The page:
7. Fanny, The Hunt
Another dog, I know (I swear it’s the last one). But the loss of Fanny in Thomas Vinterberg’s The Hunt does what the classic dog death should: make us all feel absolutely sick with grief. The film itself is an exercise in building frustration, as Lucas (Mads Mikkelsen) is unfairly accused of committing an unspeakable act, then unfairly assumed guilty, then unfairly persecuted by an entire town. And at the absolute peak of unfairness, Lucas’ dog is killed in an anonymous act of violence. The Hunt is all about the persecution of an innocent figure, and witnessing the death of a beloved pet just adds to the misery.
6. Anwar Congo, The Act of Killing
Death is a far trickier subject for a documentary film. A narrative film can kill people off willy-nilly, for those onscreen aren’t really dying. But death in a documentary is real, and often too intense and too horrifying for general audiences (case in point: Grizzly Man). The Act of Killing, with its movie-within-a-movie structure, gets to dance around real and fake death, by simulating the killing of Anwar Congo while the real Congo watches. The act isn’t very genuine- a clearly fake head hacked off a fake neck while gushing fake blood. But the real Congo’s reaction, and the parallels to the real killings Congo committed, creates something twisted and all too real.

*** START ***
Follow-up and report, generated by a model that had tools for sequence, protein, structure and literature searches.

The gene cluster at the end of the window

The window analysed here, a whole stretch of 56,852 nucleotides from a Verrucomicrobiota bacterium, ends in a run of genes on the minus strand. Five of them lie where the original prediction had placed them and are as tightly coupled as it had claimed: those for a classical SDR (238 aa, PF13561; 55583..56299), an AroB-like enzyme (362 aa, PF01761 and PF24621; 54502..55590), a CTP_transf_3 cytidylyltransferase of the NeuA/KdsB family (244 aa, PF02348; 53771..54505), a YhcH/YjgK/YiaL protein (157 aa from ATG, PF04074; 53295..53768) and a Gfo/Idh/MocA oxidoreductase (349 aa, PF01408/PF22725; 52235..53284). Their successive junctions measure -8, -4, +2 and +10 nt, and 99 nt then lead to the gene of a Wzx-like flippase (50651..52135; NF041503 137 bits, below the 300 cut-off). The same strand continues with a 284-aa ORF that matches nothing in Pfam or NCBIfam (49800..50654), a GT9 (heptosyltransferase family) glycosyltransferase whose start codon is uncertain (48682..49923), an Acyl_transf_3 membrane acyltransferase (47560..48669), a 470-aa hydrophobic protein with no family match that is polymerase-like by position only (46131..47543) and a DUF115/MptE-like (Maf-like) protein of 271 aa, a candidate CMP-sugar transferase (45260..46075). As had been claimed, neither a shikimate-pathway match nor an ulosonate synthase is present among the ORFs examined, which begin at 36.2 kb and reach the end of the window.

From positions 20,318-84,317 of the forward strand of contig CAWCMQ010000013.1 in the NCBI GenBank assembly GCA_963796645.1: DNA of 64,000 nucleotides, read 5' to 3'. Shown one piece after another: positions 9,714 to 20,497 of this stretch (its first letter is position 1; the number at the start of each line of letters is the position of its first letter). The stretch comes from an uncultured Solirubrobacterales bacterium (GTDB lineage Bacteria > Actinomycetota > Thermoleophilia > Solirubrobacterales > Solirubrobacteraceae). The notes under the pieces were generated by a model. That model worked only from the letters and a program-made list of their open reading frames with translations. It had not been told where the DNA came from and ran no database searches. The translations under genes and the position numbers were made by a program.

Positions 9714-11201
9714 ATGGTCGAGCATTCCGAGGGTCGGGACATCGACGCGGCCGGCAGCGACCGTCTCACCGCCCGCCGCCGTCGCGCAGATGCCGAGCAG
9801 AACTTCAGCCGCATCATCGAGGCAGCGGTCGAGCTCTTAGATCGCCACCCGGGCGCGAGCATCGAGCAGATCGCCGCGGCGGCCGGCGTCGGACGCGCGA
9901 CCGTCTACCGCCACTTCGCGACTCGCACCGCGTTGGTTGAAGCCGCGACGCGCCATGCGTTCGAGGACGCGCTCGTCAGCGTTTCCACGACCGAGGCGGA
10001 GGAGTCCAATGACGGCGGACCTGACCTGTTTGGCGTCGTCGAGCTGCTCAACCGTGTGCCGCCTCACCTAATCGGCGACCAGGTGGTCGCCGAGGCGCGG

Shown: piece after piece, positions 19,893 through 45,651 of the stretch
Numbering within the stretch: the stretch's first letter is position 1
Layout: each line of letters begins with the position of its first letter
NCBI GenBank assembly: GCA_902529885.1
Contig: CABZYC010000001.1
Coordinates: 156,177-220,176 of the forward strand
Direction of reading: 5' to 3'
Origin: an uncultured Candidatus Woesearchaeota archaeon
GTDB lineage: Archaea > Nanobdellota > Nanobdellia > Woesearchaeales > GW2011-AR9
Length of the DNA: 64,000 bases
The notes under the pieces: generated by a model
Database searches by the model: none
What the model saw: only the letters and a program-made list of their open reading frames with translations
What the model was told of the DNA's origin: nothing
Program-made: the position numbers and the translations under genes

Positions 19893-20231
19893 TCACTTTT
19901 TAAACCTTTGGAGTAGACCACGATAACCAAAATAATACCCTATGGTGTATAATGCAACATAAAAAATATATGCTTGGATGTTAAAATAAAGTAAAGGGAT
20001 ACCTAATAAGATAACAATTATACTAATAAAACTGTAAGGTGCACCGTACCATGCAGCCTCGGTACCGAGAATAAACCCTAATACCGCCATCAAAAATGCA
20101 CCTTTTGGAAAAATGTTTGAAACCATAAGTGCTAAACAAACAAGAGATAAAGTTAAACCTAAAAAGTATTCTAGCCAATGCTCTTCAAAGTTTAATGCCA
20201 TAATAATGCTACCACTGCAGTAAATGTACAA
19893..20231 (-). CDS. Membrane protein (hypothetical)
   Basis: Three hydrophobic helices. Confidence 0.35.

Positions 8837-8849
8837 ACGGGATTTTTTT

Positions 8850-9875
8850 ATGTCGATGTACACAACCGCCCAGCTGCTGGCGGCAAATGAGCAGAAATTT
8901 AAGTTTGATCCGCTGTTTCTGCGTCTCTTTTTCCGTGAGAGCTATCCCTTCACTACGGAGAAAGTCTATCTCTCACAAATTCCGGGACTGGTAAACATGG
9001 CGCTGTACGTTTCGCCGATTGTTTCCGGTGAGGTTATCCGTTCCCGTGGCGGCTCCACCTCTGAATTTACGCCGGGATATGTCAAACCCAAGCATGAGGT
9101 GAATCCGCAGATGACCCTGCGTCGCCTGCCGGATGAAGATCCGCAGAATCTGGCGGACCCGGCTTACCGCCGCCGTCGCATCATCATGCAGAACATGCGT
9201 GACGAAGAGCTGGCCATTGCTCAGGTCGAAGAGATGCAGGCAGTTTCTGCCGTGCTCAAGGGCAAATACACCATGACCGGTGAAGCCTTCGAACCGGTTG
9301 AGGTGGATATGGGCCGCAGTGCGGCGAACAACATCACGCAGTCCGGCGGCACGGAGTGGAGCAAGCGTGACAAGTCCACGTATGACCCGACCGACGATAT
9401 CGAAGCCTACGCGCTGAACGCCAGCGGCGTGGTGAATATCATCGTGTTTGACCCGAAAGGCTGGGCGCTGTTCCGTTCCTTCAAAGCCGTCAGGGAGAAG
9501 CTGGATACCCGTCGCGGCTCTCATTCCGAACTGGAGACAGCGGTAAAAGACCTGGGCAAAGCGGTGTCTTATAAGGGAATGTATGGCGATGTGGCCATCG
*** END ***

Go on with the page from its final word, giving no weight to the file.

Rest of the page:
5. Carver, Mud